There was no shortage of great music at this year’s Coachella Valley Music and Arts Festival — just ask Janelle Monae, who stole the show as one of the most dynamic performers of the two weekends.
But in between beloved indie bands like The Postal Service, age-less veterans like New Order, the obligatory reunion performance (Wu-Tang Clan), and, of course, the headliners (Blur, Phoenix, and Red Hot Chili Peppers), there were three can’t-miss Latino acts: 3Ball MTY, Café Tacvba, and Rodriguez.
Vastly different in their repertoire, all three were consistent in drawing large and eclectic crowds, which hopefully means that next year, we’ll see more diversity in the line-up and a greater number of Spanish-language acts.
3Ball MTY kicked things off early Saturday with their signature tribal guarachero sounds, mixing in their own hits like “Intentalo,” the song credited with pushing them into the international scene in 2012 and earning them a Latin Grammy for Best New Artist, and playful remixes of mainstream hip-hop cuts like “N*ggas in Paris,” by Jay-Z and Kanye West.
Though some (myself included) initially doubted whether they were deserving of their place in the prestigious music fest’s lineup in the first place, their set reaffirmed that this is a place to see not only established greats but also promising up-and-comers.
Horacio Mayorga, 30, an engineer who came from Mexico City to see them and says he has been listening to their music for three years, is a bit older than the boys of 3Ball themselves (DJ Erick Rincon, DJ Sheeqo Beat, and DJ Otto, all in their early twenties), which only confirms that their appeal is beyond the obvious.
“I really like that they mix the sounds of ancient, indigenous pre-Hispanic peoples, primarily from Mexico but also from all of Latin America, with electronic rhythms,” said Mayorga. “They’re very innovative.” According to Mayorga, 3Ball’s movement is still going strong back home in Mexico, and after yesterday’s set, it’s clear that what began as a pointy boot fad is here to stay.
Also on Saturday, Café Tacvba cemented their place as Mexico’s most progressive and beloved rock band (easy, Maná fans, we’re talking alternative rock, not pop-rock). The veterans, who have been in the music game for nearly 25 years, played on the main stage, a fitting place.
If you’ve ever been to a Tacvba show, then you know that the expressions of fandom are a key component of the overall experience. At Coachella, there were giant Mexican flags, ponchos, mariachi hats, colorful piñatas, and men in bright luchador masks.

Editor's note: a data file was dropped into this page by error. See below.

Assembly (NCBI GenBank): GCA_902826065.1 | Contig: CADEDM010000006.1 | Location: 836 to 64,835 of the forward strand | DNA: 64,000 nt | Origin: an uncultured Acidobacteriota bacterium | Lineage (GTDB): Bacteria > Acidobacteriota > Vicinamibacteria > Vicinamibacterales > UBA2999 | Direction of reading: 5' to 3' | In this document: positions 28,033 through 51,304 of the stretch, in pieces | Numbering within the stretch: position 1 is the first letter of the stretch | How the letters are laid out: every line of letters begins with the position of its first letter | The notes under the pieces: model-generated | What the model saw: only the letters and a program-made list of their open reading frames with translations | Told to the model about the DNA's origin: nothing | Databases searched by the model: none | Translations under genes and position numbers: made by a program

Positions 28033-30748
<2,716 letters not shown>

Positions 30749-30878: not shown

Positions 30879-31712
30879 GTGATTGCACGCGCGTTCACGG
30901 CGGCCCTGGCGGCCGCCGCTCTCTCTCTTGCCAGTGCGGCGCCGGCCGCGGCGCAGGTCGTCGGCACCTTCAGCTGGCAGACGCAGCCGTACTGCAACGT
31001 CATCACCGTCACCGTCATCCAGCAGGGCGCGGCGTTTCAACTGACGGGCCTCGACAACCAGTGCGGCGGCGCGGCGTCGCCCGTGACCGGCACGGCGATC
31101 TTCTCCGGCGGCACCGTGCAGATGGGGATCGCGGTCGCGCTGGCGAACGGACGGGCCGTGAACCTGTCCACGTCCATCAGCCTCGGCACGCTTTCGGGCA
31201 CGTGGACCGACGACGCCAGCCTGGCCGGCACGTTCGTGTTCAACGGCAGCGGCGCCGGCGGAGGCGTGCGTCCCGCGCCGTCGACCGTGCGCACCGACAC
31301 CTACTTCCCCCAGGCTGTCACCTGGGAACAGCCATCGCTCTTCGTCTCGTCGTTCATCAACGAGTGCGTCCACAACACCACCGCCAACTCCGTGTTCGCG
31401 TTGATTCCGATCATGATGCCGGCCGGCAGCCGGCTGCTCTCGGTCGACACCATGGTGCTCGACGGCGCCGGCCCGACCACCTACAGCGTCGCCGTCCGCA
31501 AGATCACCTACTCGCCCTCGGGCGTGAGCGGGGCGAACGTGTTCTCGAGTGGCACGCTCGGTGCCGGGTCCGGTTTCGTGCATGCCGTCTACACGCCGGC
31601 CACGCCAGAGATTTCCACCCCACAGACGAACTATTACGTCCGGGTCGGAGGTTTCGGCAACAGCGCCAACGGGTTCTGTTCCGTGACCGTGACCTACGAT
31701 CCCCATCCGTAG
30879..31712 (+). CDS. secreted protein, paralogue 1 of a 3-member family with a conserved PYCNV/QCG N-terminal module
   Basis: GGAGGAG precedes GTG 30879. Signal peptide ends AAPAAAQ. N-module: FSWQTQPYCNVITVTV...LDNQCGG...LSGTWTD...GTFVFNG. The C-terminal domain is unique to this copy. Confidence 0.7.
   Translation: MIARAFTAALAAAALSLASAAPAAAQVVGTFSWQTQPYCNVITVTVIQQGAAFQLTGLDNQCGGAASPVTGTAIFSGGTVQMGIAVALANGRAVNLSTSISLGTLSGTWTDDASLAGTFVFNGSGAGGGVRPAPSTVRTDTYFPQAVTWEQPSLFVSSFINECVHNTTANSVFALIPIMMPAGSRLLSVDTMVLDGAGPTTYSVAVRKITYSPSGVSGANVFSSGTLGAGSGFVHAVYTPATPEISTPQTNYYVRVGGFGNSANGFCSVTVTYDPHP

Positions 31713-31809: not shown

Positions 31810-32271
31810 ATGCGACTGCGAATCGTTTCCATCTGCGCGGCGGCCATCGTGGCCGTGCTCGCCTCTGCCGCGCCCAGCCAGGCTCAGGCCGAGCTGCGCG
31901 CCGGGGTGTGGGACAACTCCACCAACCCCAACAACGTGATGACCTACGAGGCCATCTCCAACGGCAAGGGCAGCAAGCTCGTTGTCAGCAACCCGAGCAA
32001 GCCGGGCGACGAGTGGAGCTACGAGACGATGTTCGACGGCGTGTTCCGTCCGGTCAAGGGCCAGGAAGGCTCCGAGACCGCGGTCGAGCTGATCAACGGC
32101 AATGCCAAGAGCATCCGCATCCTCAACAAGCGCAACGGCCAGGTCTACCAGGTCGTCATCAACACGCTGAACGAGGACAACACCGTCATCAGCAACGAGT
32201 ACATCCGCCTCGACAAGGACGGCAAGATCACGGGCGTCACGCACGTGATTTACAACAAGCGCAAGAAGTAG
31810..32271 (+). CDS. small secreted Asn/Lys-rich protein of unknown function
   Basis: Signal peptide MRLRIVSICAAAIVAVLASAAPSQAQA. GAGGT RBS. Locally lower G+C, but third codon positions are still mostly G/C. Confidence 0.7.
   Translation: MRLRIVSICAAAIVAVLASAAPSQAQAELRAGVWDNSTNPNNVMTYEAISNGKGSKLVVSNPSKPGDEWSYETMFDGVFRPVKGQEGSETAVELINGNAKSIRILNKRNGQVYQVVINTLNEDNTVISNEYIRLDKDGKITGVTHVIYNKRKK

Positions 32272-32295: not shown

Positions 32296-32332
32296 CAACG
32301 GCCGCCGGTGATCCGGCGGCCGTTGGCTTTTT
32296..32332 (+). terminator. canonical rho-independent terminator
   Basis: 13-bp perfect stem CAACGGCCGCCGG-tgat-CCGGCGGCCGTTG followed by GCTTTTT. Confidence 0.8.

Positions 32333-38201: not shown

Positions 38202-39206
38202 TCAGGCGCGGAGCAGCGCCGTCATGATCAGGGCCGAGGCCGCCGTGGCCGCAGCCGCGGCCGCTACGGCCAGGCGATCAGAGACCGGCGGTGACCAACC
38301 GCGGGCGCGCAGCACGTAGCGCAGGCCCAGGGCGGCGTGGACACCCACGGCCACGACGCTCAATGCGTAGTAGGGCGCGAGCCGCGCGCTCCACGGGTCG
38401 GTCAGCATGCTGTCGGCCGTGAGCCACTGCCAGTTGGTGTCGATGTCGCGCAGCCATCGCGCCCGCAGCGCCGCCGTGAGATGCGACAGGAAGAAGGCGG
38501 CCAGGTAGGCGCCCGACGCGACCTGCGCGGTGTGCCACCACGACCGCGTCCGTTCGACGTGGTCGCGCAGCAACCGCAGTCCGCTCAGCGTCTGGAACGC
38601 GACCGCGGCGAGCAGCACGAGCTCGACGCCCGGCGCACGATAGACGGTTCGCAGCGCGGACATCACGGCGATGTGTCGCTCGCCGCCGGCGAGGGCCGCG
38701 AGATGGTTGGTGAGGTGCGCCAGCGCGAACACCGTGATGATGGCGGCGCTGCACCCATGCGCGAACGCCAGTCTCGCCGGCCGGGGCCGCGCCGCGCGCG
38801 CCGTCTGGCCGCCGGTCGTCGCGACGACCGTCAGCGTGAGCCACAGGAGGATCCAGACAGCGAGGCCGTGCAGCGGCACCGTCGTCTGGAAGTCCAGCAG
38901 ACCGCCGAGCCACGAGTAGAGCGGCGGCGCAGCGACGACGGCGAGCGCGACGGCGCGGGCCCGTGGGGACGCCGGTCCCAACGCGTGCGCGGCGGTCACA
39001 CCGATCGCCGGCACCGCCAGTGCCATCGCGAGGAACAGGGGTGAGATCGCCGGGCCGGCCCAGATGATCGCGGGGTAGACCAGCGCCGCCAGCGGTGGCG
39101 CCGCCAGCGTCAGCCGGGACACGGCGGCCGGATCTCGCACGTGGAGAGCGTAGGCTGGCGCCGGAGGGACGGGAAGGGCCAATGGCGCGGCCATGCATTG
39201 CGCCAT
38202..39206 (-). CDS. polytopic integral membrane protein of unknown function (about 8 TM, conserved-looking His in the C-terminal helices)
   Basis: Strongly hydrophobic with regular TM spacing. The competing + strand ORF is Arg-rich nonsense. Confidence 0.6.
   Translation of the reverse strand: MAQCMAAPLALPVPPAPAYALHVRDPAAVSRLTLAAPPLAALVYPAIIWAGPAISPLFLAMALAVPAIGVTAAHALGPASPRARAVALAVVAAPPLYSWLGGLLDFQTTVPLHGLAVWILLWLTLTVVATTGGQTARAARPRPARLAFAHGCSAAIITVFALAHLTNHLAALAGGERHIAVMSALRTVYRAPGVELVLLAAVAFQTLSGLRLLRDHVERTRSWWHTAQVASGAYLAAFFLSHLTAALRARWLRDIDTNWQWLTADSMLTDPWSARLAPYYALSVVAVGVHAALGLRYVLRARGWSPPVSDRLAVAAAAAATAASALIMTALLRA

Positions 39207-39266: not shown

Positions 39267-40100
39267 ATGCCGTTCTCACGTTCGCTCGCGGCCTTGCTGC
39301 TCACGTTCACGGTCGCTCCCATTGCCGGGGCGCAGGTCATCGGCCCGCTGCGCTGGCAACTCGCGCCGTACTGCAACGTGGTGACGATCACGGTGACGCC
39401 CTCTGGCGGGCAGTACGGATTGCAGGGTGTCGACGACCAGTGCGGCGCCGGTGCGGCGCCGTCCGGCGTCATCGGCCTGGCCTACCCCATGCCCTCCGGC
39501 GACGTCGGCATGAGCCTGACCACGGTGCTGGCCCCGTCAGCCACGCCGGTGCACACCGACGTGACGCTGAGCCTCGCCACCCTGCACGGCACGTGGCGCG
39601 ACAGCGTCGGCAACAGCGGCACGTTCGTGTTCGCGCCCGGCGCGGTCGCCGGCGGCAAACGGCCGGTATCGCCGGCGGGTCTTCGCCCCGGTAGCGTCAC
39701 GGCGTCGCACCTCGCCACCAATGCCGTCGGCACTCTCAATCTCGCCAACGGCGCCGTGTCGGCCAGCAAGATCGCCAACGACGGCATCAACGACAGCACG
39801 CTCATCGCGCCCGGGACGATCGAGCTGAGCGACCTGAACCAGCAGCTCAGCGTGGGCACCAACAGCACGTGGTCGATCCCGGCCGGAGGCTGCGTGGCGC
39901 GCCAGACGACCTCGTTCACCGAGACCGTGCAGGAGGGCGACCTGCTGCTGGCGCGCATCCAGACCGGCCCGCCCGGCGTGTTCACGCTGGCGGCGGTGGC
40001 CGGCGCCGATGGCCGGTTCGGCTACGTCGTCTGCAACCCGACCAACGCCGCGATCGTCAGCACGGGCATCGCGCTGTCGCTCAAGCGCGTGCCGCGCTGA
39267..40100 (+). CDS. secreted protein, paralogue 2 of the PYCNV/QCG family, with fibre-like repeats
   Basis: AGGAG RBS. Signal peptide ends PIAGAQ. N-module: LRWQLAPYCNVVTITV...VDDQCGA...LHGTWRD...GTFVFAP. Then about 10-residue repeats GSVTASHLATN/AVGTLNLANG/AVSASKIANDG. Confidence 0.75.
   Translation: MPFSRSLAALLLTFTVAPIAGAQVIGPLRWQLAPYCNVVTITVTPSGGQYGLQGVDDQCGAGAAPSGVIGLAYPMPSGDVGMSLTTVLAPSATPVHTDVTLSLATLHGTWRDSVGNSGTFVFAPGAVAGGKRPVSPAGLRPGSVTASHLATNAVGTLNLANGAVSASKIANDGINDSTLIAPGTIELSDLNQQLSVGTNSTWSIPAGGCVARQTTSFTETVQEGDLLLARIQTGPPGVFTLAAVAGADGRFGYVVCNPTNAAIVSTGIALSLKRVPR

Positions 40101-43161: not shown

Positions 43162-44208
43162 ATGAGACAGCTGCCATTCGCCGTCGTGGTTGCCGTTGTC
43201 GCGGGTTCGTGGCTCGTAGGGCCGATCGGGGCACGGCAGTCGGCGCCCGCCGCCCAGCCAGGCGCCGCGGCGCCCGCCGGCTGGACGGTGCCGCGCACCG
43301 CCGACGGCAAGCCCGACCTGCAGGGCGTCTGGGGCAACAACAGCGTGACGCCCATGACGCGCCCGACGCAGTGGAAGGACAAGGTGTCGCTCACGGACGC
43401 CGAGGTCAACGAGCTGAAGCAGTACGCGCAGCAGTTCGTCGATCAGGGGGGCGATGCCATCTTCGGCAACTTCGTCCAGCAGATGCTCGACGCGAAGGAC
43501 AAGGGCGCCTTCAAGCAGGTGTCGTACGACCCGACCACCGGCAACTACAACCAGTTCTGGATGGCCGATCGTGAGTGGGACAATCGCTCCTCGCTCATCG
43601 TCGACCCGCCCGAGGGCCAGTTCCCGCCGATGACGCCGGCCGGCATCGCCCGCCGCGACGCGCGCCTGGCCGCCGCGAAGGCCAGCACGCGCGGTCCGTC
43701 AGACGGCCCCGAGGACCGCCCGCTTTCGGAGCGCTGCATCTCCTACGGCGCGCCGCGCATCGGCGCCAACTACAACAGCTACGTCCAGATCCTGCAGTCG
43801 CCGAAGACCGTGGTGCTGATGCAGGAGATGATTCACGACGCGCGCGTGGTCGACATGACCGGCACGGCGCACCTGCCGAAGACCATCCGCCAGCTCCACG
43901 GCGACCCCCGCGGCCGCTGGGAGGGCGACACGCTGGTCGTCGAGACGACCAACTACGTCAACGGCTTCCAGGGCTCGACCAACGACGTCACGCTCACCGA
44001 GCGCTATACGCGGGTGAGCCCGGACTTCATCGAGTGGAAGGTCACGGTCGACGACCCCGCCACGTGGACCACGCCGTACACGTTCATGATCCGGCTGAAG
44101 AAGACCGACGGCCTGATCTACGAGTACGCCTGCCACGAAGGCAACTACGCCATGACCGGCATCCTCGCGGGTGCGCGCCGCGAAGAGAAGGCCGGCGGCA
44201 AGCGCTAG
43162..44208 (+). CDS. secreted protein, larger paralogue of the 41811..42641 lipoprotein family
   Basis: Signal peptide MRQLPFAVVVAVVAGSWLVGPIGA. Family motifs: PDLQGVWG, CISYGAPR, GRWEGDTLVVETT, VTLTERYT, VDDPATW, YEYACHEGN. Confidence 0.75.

Part of the magic is also lead singer Rubén Albarrán’s conversations with the crowd. “I’m gonna try to e-speak more Inglich,” he said in his endearing accent, mixing it up with Mexican slang and random salutations in other languages like Portuguese and Japanese. “Quiero que la pasen bien chingón, Coachella,” he said, mid-show. And that’s exactly what the crowd did.
The ever-fashionable band delivered old favorites like “Ingrata,” “Las Flores,” and “Chilanga Banda,” along with newer songs like “Olita de Altamar.” A moving moment came when, before “Déjate Caer,” Albarrán, his hands together as if in prayer, dedicated that cover of the Los Tres classic to “those who have already left us and are walking among the stars.”
But perhaps the most memorable moment came before the last song, “Chica Banda,” when he said, “Let’s give each other a collective hug. Let’s forget about borders, they’re only there to divide us; they’re not real.”
On Sunday, 70-year-old folk rocker Rodriguez performed to a tent packed with a mostly young crowd, fans who most likely became exposed to his music after the 2012 Oscar-winning doc, Searching For Sugar Man.
The Detroit-based, Mexican American legend, whose birth name is Sixto Rodriguez, appeared in an outfit befitting of his near-mythical place in music history: a black fedora, black shirt, black leather pants, black boots and a black trench coat.
Backed by a drummer, an electric guitarist, and a bassist, Rodriguez delivered songs from his socially conscious first album, Cold Fact, originally released in 1970, the same one which went relatively unnoticed in the United States but went multi-platinum in South Africa, where he became a symbol of the anti-apartheid movement. From “I Wonder,” a track in which he asks about the fate of those neglected by society and their broken dreams, to “Sugar Man,” after which the documentary is named, to a cover of Little Willie John‘s 1956 classic “Fever,” Rodriguez reminded everyone why his message, like him, is timeless. “Coachella, it’s been an honor, a pleasure, and a privilege,” he said before parting.
In truth, the privilege was all ours.